When he put up the money, he figured he would be reimbursed if the Americans eventually won.  If not, he would probably be hanged as a traitor anyway.  Signing bonuses for soldiers and proper supplies to support them, along with the knowledge that they could be under attack any day, led militia to flock to New Hampshire’s defense.  Knowing that General Stark would lead them also influenced many to join.  He was a well respected officer and a leader of men.

Within a few weeks, General Stark had raised a force of nearly 1500 militia, about twenty-five companies.  General Stark spent that time organizing and training his men.  Most of his militia were frontiersman, familiar with the region and experienced Indian fighters. Many older men had combat experience from the French and Indian War.  Stark focused on organizing the men into units and drilled fighting as a unit.

By early August, he sent about half of his force to Manchester, Vermont.  Stark remained in New Hampshire organizing the remainder of his force and then marched to catch up with his advance force in Manchester.

When he arrived, he found his soldiers preparing to march south to join up with Schuyler’s Continentals near Fort Edward in New York.  General Benjamin Lincoln had already arrived on the scene and issued the order. Stark and Lincoln had a private conversation, the details of which are not known.  However, the gist of the discussion was that Stark told Lincoln that the New Hampshire militia would remain where they could defend New Hampshire.  They were not under the command of continental officers and were not going to New York.

This actually fit in with General Schuyler’s original plans.  He wanted to maintain a force in Burgoyne’s rear that could harass the enemy as it moved south toward Schuyler’s main army near Saratoga.  General Washington had already approved this plan.  But as Burgoyne moved south against Schuyler’s dwindling army, Schuyler changed his mind and wanted to consolidate  his army for a large scale stand that would stop the British movement southward.  To do that, he wanted Stark’s militia to move to join them in New York.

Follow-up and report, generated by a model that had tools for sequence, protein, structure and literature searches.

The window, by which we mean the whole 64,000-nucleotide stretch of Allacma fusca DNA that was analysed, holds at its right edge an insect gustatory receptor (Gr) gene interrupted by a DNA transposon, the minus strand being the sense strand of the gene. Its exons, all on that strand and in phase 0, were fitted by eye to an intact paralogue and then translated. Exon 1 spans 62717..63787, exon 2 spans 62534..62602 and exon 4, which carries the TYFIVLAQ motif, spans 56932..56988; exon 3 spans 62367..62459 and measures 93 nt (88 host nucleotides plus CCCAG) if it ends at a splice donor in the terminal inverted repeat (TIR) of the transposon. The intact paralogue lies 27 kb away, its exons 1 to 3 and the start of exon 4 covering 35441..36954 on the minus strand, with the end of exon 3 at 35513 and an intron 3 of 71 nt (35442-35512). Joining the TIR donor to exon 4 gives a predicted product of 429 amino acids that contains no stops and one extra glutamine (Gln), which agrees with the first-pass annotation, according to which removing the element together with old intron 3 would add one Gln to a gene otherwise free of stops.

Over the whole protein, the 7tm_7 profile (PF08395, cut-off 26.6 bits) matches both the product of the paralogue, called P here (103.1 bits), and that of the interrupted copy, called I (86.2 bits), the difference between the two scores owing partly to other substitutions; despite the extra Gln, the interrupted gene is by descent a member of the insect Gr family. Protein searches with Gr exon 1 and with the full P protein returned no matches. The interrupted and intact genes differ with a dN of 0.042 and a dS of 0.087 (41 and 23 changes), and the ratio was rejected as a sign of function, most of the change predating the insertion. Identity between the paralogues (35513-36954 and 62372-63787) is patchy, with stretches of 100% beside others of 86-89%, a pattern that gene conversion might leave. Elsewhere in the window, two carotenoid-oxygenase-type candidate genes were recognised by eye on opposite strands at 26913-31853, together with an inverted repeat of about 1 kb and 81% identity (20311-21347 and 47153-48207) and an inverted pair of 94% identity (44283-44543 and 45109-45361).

Benjamin Lincoln
(from Wikimedia)
Stark, however, was not interested in doing this, and made clear that he would not put himself or his army under the command of Continental officers.  General Lincoln was a good enough politician to realize that Stark could not be pushed or bullied into joining up with the main army.  If Stark quit and went home again, most of his army would probably follow him.  Rather than lose this desperately needed army entirely, Lincoln agreed not to push the issue.  After Schuyler learned of the situation, he agreed with Lincoln’s assessment.

But that did leave Lincoln with little to do.  Schuyler had ordered Lincoln to command any New England forces while Schuyler commanded the main army in New York.  But since the only significant forces still in New England were Stark’s militia army, which would not listen to him, Lincoln did not have much of a command.  After a few days, Lincoln went back to New York to be with the main army under Schuyler.

On August 8, Stark moved his army from Manchester to Bennington.  The town was a patriot supply depot and a likely target for a British attack.  It was about thirty miles southeast of Saratoga.  If the British opted to move into New England and march toward Rhode Island, Bennington would be a key transit point.  Stark left the remnants of Seth Warner’s Continentals, who had survived the Battle of Hubbardton, to occupy Manchester and left General Lincoln with that small force as well.  Stark’s militia army marched off to encamp in and around Bennington.